The dogs worked brilliantly, and the team are very proud of the critical support that they could give to the Zimbabwean people in this time of hardship and grief.
Johannesburg, South Africa – Paramount K9 Solutions, subsidiary of Paramount Group, the South African-based global aerospace and defence company, announced that the specialist K9 Search and Rescue Units that it deployed to disaster-stricken areas of Eastern Zimbabwe, have returned home to South Africa after playing a significate role in rescue and recovery operations amidst the aftermath of Cyclone Idai.
Cyclone Idai, which the United Nations has described as “…one of the worst weather-related catastrophes in the history of Africa”, has claimed the lives of at least 200 people to date in Zimbabwe, with 180 still missing and feared buried in the rubble. Some 270,000 remain in urgent need of humanitarian aid, according to the UN’s World Food Programme (WFP).
The storm’s death toll has tragically reached nearly 700 people in Sub Saharan Africa, affecting more than two million across Zimbabwe, Mozambique and Malawi.
In direct response, Paramount Group and its charitable foundation, The Ichikowitz Family Foundation commissioned and funded the deployment of two specialist Search and Rescue Units from the K9 Search and Rescue Association of Southern Africa to Chimanimani, located in one of the hardest-hit regions of Zimbabwe.
The four handlers, who are volunteers from the K9 Search and Rescue Association of Southern Africa, together with their two highly trained border-collies searched for the deceased in extreme conditions, in tandem with Zimbabwe’s Civil Protection Units, the International Rescue Committee and South Africa’s Police Services.
Eric Ichikowitz, Director of the Ichikowitz Family Foundation, stated: “We are very proud to play our role in bolstering the efforts of the Zimbabwean Government and various humanitarian organisations in providing the capabilities required to complete the grim task of recovering the bodies of those who perished in the disaster. The aftermath of Cyclone Idai presented all rescue and recovery teams with exceptional challenges due to the damage caused to roads and other infrastructure.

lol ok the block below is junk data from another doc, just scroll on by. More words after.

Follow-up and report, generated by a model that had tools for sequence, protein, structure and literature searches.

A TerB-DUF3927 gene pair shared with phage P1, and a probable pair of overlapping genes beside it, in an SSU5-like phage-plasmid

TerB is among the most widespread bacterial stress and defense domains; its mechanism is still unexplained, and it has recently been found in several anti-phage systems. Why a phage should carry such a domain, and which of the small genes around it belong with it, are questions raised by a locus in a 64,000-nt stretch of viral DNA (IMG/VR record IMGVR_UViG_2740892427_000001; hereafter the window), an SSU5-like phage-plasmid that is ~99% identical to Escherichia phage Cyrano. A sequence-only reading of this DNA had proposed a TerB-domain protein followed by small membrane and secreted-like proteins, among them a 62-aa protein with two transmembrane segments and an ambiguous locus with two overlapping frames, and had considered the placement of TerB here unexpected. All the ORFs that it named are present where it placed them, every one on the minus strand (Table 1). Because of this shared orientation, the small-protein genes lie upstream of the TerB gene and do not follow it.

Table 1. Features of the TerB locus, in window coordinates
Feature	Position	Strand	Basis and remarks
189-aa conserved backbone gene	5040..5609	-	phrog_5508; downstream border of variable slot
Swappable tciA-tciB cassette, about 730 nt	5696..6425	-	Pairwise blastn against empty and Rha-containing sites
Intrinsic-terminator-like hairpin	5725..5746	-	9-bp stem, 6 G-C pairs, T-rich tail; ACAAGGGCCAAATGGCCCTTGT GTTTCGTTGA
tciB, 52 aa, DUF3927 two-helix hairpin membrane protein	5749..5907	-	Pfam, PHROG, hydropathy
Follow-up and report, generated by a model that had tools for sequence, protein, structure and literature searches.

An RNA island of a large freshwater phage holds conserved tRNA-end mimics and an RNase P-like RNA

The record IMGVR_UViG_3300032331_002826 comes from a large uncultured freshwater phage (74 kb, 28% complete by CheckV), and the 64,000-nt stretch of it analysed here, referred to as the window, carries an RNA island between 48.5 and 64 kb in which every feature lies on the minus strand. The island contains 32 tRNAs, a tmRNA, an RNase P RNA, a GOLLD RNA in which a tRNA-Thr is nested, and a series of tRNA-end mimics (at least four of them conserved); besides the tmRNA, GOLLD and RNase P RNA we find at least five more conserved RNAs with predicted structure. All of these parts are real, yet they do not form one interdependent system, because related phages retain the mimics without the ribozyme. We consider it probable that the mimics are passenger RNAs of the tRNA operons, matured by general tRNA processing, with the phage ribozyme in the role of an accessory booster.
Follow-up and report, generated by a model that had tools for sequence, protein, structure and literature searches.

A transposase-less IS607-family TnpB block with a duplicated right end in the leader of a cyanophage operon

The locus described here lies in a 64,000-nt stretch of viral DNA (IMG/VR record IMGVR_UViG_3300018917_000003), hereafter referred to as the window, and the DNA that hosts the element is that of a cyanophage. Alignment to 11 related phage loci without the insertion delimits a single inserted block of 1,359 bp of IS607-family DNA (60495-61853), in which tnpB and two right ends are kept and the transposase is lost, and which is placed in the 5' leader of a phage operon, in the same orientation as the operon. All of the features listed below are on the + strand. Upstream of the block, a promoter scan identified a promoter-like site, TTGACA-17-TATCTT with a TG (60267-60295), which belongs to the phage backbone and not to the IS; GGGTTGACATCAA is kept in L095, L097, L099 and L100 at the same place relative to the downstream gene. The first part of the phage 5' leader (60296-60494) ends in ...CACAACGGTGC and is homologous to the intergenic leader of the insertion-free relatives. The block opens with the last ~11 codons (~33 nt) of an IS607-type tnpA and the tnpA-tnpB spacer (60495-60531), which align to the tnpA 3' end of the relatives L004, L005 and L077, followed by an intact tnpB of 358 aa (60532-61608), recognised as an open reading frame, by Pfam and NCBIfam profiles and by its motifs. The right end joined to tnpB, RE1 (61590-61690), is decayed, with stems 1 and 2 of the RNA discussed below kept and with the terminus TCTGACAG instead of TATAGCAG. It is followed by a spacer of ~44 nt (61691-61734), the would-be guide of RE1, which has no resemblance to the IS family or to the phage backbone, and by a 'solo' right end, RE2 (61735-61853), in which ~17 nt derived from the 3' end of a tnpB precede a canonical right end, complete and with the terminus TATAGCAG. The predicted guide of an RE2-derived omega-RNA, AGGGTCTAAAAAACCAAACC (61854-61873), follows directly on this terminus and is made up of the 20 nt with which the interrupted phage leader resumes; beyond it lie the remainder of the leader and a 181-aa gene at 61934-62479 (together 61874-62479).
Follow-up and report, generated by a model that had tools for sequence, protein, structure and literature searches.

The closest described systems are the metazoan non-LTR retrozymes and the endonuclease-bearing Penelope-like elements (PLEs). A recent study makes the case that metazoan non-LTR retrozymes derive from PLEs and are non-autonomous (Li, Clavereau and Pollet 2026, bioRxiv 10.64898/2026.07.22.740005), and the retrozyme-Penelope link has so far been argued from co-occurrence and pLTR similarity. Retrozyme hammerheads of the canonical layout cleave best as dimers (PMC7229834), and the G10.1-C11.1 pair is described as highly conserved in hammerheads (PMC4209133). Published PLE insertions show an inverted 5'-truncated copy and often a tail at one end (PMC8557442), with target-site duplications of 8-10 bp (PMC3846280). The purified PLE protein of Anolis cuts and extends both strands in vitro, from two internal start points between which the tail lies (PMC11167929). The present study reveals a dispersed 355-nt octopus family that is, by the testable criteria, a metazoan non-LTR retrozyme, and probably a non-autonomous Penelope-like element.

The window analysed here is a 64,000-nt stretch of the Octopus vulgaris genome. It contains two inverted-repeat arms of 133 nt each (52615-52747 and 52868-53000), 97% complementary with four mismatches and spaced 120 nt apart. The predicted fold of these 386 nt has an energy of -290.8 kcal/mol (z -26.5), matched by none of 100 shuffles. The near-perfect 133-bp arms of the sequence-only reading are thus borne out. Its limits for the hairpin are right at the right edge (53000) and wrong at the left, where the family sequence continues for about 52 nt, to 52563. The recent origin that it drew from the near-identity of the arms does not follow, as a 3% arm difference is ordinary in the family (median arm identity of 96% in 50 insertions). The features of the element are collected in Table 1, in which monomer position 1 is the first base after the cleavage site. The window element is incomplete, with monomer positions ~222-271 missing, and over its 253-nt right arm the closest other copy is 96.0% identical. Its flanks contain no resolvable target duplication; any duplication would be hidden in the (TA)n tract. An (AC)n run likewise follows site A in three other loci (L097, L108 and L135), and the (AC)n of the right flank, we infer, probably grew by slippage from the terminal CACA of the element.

Our teams found that most of the bodies were buried under thick layers of rock and mud. Recovering bodies under such circumstances would be near impossible without these specialist dogs and their handlers. This is what the K9 Search and Rescue Units train for, and I’m confident the efforts of these heroes will be remembered long after their return. We look forward to further contributing to disaster, and humanitarian relief efforts in an innovative way and as best the K9 Search and Rescue Units can support. Nonetheless, our hearts remain with the people of Zimbabwe during this extremely difficult period”.
Helen Perry, one of the volunteers of the K9 Search and Rescue Association of Southern Africa, and the handler of ‘Oreo’ her Border Collie said: “We’ve been in Zimbabwe for nearly a week and covered large areas, with close to 40km being searched on one day between the two dogs. Our dogs worked brilliantly, and we are very proud of the critical support that we could give to the Zimbabwean people in this time of hardship and grief. We were assisted in our work by the Zimbabwean police and army as well as by family members of the missing, and we were always so humbled by the gratitude that they and the Zimbabwean authorities expressed for our assistance.”
One of the largest of its kind in Africa, Paramount’s K9 Academy addresses the ever-increasing need for effective training to carry out a wide array of tactical assignments, including anti-poaching activities, wildlife contraband detection, special forces operations and Ranger K9 handler training – all of which have garnered well-documented success rates.
Ichikowitz continued: “K9s have been historically vital in search and rescue operations, as they are specially trained to find a human scent and adapt well in very challenging conditions. We applaud the efforts of the specialist Search and Rescue Units in operating under innumerably-harsh environments in Eastern Zimbabwe, especially at night when human trackers simply cannot undertake the task without the support of K9 Units.”